A. Abbas/Magnum Photos Hide caption A Christian holds a crucifix made in the Dogon style in Bugudunjuru, Mali in 1996. A. Abbas/Magnum Photos Hide caption Girls in hijab play touchball at the Zakaria Muslim Girls High School in Yorkshire, England in 1989. A. Hide caption Young and old Hasidic Jews congregate in Jerusalem. Iranian-born photographer Abbas knew from a very early age that he would spend his life taking pictures. "I could see history being made in front of my eyes," he tells Fresh Air's Terry Gross. In the late 1970s, Abbas' interest in bearing witness took him to his native Iran, during that country's Islamic Revolution. "Before the Iran revolution I had no desire to photograph religion," he explains. Abbas spent seven years chronicling Islam, then he moved on to other faiths, such as Christianity, Buddhism, Judaism, Paganism and Shamanism.
Interview Higlights. Where Does It Hurt, O City of Light. Upon receiving the news from Paris, I did what I often do in moments of crisis.
I turned off the TV — and sat with the grief. I turned, as I often do, to poetry, nature, scripture, and prayer. After the Paris attacks, here’s how to think about the relationship between ISIS and Islam. Members of German-Tunisian association DTV hold placards in front of the Brandenburg Gate in Berlin, which was illuminated with French national colors following the deadly terrorist attacks in Paris.
The placards read ‘We are Tunisians. We are against terror’, ‘ISIS doesn’t represent Islam’, ‘We are Muslims. We are against terror’. (ISABELLE WIRTH/AFP/Getty Images) The horrific terrorist attacks in Paris on Friday night have sparked yet another debate about the Islamic State and Islam. Untitled. How to think about Islamic State. Violence has erupted across a broad swath of territory in recent months: wars in Ukraine and the Middle East, suicide bombings in Xinjiang, Nigeria and Turkey, insurgencies from Yemen to Thailand, massacres in Paris, Tunisia and the American south.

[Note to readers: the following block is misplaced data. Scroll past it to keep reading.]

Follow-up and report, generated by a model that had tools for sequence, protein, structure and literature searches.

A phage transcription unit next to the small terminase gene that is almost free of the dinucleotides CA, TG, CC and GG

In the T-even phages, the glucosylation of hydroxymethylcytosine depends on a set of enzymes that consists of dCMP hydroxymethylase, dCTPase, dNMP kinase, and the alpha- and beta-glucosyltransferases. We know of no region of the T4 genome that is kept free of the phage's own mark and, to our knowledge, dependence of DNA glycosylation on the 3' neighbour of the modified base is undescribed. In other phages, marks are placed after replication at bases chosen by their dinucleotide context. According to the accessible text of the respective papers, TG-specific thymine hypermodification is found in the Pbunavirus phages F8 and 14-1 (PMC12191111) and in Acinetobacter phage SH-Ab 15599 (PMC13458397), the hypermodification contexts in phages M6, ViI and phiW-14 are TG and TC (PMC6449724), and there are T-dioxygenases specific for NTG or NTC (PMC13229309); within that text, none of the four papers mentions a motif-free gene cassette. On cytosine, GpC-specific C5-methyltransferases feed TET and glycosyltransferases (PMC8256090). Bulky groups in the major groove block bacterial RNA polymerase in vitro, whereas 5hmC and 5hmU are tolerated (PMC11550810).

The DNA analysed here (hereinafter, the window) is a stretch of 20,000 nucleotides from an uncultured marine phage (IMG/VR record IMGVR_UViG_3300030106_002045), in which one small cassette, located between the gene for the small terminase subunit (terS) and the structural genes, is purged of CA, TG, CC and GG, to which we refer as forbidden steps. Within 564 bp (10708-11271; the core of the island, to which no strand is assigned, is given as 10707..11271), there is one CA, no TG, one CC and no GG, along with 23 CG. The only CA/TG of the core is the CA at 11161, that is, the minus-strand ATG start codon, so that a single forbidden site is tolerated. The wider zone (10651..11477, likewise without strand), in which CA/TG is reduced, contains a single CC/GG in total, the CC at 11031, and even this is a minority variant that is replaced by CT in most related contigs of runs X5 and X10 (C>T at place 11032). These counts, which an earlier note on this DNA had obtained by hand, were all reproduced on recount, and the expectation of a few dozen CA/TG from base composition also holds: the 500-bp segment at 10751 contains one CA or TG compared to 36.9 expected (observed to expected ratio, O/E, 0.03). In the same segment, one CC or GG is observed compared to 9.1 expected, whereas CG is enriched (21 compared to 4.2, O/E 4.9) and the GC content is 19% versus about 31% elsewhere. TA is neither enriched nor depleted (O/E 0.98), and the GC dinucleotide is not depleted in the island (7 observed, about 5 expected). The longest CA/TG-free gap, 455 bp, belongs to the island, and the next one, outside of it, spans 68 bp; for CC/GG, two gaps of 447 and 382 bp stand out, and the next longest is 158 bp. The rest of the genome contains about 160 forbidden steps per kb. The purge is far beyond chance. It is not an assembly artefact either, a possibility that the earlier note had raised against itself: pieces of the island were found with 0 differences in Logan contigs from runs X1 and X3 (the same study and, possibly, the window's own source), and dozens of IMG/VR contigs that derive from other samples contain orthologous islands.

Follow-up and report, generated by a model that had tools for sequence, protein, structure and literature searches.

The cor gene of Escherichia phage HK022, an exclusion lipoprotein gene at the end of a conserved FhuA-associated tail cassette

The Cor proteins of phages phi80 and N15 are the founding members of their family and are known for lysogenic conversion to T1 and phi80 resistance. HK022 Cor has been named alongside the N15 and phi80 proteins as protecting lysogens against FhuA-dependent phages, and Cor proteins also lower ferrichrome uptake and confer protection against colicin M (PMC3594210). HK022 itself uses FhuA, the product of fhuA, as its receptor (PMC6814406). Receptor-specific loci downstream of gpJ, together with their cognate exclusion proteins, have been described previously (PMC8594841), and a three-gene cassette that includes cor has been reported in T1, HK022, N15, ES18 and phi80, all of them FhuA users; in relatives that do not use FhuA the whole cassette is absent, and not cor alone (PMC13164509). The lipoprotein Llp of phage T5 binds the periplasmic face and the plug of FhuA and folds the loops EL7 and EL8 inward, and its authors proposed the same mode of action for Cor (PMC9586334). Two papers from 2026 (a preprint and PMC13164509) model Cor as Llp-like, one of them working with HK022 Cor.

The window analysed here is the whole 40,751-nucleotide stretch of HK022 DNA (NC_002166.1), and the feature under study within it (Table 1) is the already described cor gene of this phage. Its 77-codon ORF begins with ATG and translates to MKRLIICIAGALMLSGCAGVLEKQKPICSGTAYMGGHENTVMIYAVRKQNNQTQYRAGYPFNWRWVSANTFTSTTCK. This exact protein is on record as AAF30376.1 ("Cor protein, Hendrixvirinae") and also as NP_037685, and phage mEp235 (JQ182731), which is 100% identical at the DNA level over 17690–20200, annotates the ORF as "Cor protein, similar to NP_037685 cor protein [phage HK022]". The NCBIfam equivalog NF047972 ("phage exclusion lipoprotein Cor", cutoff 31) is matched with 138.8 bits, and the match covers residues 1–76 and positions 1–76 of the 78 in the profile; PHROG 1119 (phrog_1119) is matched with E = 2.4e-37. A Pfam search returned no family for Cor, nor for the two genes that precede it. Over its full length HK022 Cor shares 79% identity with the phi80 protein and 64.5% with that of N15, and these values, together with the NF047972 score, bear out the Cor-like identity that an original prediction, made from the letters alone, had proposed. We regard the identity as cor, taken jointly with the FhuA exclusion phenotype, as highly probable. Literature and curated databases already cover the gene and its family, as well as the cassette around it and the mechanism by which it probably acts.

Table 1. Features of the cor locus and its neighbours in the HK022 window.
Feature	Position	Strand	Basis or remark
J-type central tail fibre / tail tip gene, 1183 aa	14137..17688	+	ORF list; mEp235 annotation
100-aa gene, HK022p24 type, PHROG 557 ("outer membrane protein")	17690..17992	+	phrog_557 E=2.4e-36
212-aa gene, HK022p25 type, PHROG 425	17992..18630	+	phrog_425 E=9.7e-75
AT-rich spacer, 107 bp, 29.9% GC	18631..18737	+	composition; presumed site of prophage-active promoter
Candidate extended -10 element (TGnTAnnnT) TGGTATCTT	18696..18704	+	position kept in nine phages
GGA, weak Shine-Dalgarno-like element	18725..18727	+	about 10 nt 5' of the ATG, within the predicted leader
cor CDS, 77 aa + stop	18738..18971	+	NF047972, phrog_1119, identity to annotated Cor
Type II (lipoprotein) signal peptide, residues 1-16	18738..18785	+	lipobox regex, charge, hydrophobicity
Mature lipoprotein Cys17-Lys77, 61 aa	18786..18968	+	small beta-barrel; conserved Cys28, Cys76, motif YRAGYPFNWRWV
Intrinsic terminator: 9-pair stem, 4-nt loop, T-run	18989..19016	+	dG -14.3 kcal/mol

Future historians may well see such uncoordinated mayhem as commencing the third – and the longest and the strangest – of world wars. Certainly, forces larger and more complex than in the previous two wars are at work; they outrun our capacity to apprehend them, let alone adjust their direction to our benefit. The early post cold war consensus – that bourgeois democracy has solved the riddle of history, and a global capitalist economy will usher in worldwide prosperity and peace – lies in tatters. But no plausible alternatives of political and economic organisation are in sight. A world organised for the play of individual self-interest looks more and more prone to manic tribalism. You Can't Understand ISIS If You Don't Know the History of Wahhabism in Saudi Arabia BEIRUT — The dramatic arrival of Da’ish (ISIS) on the stage of Iraq has shocked many in the West.
Many have been perplexed — and horrified — by its violence and its evident magnetism for Sunni youth. But more than this, they find Saudi Arabia’s ambivalence in the face of this manifestation both troubling and inexplicable, wondering, “Don’t the Saudis understand that ISIS threatens them, too?” It appears — even now — that Saudi Arabia’s ruling elite is divided. Some applaud that ISIS is fighting Iranian Shiite “fire” with Sunni “fire”; that a new Sunni state is taking shape at the very heart of what they regard as a historical Sunni patrimony; and they are drawn by Da’ish’s strict Salafist ideology.